Have the foreign media got it in for Japan? Do they unduly focus on, and sensationalize, Fukushima radiation leaks, alleged racial intolerance and the self-aggrandizing policy pronouncements of the reborn Liberal Democratic Party? Worse still, are non-Japanese journalists prejudicing perceptions of Japan in the wider world, further eroding the nation's global significance?
Though right-wing Japanese apologists have long identified, in the words of Michael Cucek, research associate with the MIT Center for International Studies, "the existence of an international cabal of anti-Japanese media types," some ardent foreign-born Japan residents are also defending their adopted home from "Japan-hating" media.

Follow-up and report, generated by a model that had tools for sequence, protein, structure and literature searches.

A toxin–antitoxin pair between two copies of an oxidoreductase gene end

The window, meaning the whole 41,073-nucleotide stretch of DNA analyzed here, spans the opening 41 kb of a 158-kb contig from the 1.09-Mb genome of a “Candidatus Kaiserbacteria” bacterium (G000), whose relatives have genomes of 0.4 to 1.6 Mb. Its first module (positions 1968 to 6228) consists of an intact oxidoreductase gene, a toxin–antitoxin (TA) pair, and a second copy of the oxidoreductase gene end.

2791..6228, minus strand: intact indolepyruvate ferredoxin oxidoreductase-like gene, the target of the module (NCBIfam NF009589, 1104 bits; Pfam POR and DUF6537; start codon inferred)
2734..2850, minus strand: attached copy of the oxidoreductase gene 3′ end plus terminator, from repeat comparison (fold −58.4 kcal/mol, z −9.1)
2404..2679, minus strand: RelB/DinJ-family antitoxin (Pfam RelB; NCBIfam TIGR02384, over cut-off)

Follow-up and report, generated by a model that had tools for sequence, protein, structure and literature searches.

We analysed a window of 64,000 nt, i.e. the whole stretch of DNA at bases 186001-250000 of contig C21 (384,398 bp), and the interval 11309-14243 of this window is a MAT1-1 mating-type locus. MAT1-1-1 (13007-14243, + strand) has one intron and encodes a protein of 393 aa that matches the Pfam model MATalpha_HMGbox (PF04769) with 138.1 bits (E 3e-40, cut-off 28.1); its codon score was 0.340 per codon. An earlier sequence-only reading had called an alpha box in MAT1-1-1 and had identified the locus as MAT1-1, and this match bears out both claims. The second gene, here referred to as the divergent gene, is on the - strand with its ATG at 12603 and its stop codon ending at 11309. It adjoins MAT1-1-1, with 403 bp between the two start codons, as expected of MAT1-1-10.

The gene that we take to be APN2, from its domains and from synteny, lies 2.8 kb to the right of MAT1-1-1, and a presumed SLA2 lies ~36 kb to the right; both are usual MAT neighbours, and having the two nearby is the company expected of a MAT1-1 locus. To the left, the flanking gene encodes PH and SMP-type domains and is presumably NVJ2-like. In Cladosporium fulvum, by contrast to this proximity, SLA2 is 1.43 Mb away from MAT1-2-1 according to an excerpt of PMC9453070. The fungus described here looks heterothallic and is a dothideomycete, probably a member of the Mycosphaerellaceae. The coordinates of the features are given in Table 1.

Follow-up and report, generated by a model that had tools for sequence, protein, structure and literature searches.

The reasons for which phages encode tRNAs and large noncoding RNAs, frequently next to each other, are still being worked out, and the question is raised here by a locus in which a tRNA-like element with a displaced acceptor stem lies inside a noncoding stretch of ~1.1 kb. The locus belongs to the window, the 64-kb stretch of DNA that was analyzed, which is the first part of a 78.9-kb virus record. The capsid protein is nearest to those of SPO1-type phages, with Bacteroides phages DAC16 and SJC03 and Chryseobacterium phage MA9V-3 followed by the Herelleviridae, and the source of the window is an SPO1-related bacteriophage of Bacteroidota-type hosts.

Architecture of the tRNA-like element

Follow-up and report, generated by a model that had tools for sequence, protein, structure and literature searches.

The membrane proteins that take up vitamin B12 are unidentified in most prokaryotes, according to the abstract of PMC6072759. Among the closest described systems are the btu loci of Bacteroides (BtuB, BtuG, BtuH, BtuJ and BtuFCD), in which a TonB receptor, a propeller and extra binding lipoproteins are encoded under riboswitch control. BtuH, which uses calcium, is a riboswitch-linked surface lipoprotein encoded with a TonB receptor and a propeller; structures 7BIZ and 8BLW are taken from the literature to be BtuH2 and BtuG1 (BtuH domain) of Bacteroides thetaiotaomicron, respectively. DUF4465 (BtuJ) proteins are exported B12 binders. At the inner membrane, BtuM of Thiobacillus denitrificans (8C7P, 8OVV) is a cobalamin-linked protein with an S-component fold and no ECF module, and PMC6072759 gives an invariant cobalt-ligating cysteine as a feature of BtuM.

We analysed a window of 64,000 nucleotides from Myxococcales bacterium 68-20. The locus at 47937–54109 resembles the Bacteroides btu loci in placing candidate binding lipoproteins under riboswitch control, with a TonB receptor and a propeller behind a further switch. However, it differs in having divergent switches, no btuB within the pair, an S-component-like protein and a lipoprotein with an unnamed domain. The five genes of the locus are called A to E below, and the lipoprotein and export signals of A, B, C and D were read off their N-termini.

Since the tragedy of March 2011, when the controversy over the Japanese government's response to the Fukushima nuclear crisis gave journalists grist to ramp up their alleged anti-Japanese prejudice, the pro-Japaners have employed an effective counter-attack strategy: Banded behind a small but deafening band of bloggers, YouTubers and citizen journalists of sorts, this informal alliance generate legion online comments, blog posts and video channel chat-fests that systematically seek to discredit media they say are bent on fear-mongering about the country. In this highly polarized and fractious world, you are either with Japan or against it.